14. 14. 1. Right To Vote First countries to grant women electoral equality withthe men –New Zealand (1893), Finland (1906), Norway (1913)andIceland (1915)In 1989 general election out of a total of 498,406, 429voters 236, 861, 287 were women .In the 1991 general election, the number of womenfielded by the major political parties was very low.In developed countries, like the United Kingdom(6.3 %),the United States (5.3 %), France (6.4 %)andJapan (1.4%) the representation of women in parliament isextremely poor.In India participation of women in parliament is 8.3%.POLITICAL RIGHT OF WOMEN(Articles 325 and 326 )
  15. 15. 2. RIGHT TO PARTICIPATE IN POLITICAL PROCESS Beginning of women’s participation inpolitics-Swadeshi movement in Bengal(1905-8) .The 73rd Constitutional Amendment Act-33 % reservation in the Panchayat Rajinstitutions in the rural areas.74th constitutional amendment act-33% reservation in Nagara Palike andMunicipalities in towns and urban areas.1991 –The Janata PartyGovernment in Karnataka passed abill to implement 25 per cent reservationFor women in local elections.
  16. 16. High female literacy rates-Kerala and MizoramNFE centers have provided education –0.12 million girls out of 7.42 million childrenSAAKSHAR BHARAT MISSIONLaunched-Dr. Manmohan SinghCentrally sponsored scheme of -Department of School Education and Literacy(DSEL),Ministry of Human Resource Development(MHRD),Government of India (GOI)on the International Literacy Day,Date-8th September, 2009.Aims -promote and strengthen AdultEducation, specially of womenRIGHT TO EDUCATION
  17. 17. LAND RIGHTPre 1978 AmendmentACTArticle 19(1)(f)Post1978 AmendmentActArticles 31(a), 31(a), 31(a), 300 Adeals withthe rights to use, alienate,or exclude others from land.stem from inheritance,transfers from the State,tenancy arrangements, landpurchase etc.Importance : welfare,efficiency, equality, andempowerment.Bina Agarwal is a prize-winning developmenteconomist and Director and Professor of Economics atthe Institute of Economic Growth in Delhi.According to Bina Agarwal-Land ownership is• social status•political power•shaping relationships• creating family dynamics•decreases the chance of domestic violence
  18. 18. TheTebhaga Story EMERGED IN –•1946–47•undivided Bengal•in the footsteps of thegreat Bengal famine of 1943.REASON-• Sharecroppers in the region had no occupancyrights.•faced a constant threat of eviction.•The landlords took half the produce.•Sexually abused the women.SPEARHEADED BY-the Bengal Provincial Kisan Sabha (BPKS), underthe leadership of the Communist Party of India.The women’s self-defense league played a criticalmobilizing role among women.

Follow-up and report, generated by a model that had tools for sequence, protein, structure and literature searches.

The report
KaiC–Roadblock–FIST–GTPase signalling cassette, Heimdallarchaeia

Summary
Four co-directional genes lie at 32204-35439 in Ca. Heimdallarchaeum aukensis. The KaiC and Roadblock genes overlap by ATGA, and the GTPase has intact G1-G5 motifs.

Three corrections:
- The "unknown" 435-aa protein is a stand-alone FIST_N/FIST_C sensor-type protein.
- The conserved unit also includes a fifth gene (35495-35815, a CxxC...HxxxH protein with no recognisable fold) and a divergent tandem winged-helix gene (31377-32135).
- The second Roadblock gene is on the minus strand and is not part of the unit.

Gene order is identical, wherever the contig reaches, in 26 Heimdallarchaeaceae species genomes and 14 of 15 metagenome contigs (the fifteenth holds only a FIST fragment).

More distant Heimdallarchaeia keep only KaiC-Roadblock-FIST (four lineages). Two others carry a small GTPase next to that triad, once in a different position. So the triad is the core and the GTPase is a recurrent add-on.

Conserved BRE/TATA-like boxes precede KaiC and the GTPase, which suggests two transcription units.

19. 19. PWESCRSTARTED -2005 FOCUS-South AsiaProgramme on Women’s Economic, Socialand Cultural Rights.international advocacy and educationalinitiative in the area of women and theireconomic, social and cultural rights (ESCR). PROMOTE -human rights of womenGOALSTo build leadership and capacity of groups,organizations, activities and other actors in thefield of human rights and economic justice topromote women’s ESCR.
  20. 20. LEGAL PROVISIONTHE CRIMES IDENTIFIEDUNDER THE INDIANPENAL CODE (IPC)---•Rape (Sec. 376 IPC)•Homicide for Dowry, DowryDeaths or their attempts(Sec. 302/304-B IPC)•Torture, both mental andphysical (Sec. 498-A IPC)•Sexual Harassment (Sec.509 IPC)•Importation of girls (up to21 years of age)•The Crimes identified underthe Special Laws (SLL)-•Family Courts Act, 1954•The Special Marriage Act, 1954•The Hindu Marriage Act, 1955•Dowry Prohibition Act, 1961•The Prohibition of Child Marriage Act,2006•Commission of Sati (Prevention) Act,1987•Protection of Women from DomesticViolence Act, 2005
  21. 21. SPECIAL INITIATIVESNATIONAL COMMISSION FOR WOMEN (JANUARY 1992)-Constitutional and legal safeguards provided for women, reviewthe existing legislation to suggest amendments wherevernecessary, etc.NATIONAL PLAN OF ACTION FOR THE GIRL CHILD (1991-2000)-Survival, protection and development of the girl child with theultimate objective of building up a better future for the girlchild.NATIONAL POLICY FOR THE EMPOWERMENT OF WOMEN (2001)-• Prepared by-Department of Women & Child Development in theMinistry of Human Resource Development .• Goal-advancement, development and empowerment ofwomen.